In the first article in this issue, Holm emphasizes the role of the National Cholesterol Education Program and the American Heart Association in increasing the clinician's awareness of the "need to treat" and promoting public education of risks associated with elevated cholesterol. However, cholesterol-lowering strategies remain underused. Although diet and lifestyle changes are generally the first line of treatment, it is well accepted that most individuals will require pharmacologic intervention. Whether this is because of lack of strict long-term adherence remains a question. Beneficial results of lipid-lowering agents in both primary and secondary prevention are nicely depicted in Tables 1 and 2. Holm cautions, however, that these data are from large clinical trials and not individually based and that the level of lipid lowering must be evaluated in each individual patient, especially with respect to cost utility and cost-effectiveness.


Next Gylys provides a review of the pharmaceutical agents used for hyperlipidemia. This department contribution will assist the reader in using the information in Holm's article in clinical practice. Compliance with lipid-lowering drugs can be facilitated by nurses who play a major role in patient management by evaluating and minimizing barriers and side effects related to such regimens.


Gulanick and Cofer emphasize the interrelationship of the many risk factors for cardiovascular disease and how difficult it is to isolate the effect of a specific risk factor on the lipid profile. Specifically, risk factors addressed include physical inactivity, obesity, cigarette smoking, age, elevated blood glucose, and hypertension. The effects of various antihypertensive agents on lipids are portrayed. In addition, this article provides three easy-to-read exhibits: (1) factors to consider when reviewing data on the effects of risk factors on lipids, (2) research design factors to consider when reviewing data on the effect of risk factors on lipids, and (3) predominant effects of cardiac risk factors and their treatment on lipids.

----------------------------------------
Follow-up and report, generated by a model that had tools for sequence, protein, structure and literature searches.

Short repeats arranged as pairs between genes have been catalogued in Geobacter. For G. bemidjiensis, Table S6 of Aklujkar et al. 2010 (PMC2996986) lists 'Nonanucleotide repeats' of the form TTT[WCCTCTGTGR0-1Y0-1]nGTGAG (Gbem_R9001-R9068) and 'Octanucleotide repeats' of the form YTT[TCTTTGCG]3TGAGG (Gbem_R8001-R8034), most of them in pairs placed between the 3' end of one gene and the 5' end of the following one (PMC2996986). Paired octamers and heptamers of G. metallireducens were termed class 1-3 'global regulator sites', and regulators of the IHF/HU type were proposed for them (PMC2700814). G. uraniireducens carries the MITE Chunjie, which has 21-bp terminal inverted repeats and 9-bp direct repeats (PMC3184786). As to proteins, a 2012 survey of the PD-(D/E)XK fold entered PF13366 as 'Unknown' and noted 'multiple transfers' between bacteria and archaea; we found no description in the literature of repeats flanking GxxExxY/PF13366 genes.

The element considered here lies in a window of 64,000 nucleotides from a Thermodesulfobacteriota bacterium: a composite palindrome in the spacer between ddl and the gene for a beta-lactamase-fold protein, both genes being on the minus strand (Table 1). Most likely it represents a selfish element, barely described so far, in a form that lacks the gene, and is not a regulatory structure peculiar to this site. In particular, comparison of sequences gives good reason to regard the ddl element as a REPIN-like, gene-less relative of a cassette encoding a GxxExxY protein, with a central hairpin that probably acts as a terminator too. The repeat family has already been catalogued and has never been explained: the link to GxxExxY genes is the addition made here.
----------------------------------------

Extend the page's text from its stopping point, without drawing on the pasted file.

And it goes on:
Diet controversies are discussed by Winston, St. Jeor, and Ashley. The presence or absence of evidence for very low-fat diets, transunsaturated fatty acids, omega-3 fatty acids, dietary alterations of homocysteine levels, antioxidant drugs, and phytochemicals and their effect on blood lipids are all addressed with supporting data.


Hayman meticulously examines the debate over environment versus genetics. Data from twin populations and family units are presented in detail. Collective results emphasize the importance of both genetic and environmental influences on adverse lipid levels as well as implications for clinical practice and future research. Family-based approaches to assessment and management of abnormal blood lipids are recommended, even though current systems of health care delivery are not organized to facilitate such approaches. Table 1 presents a summary of genes affecting LDL cholesterol including those implicated in familial syndromes. Additional readings are suggested for those interested in the genetic and environmental effect on abnormal blood lipids.


Allen addresses the opportunities available for nurse case managers in the management of abnormal blood lipids. She provides more than adequate data supporting both the lack of treatment and inadequate treatment of lipids in primary and secondary prevention populations. By identifying and addressing barriers to treatment, nurses can institute more effective and economical strategies for management of lipid disorders, thus facilitating the narrowing of the huge gap between knowledge of effective strategies and actual effective treatment. Future challenges will include creating cost-effective analysis models, strategies to address reimbursement issues, and modifying graduate training programs for preparation of nurse case managers specializing in lipid control.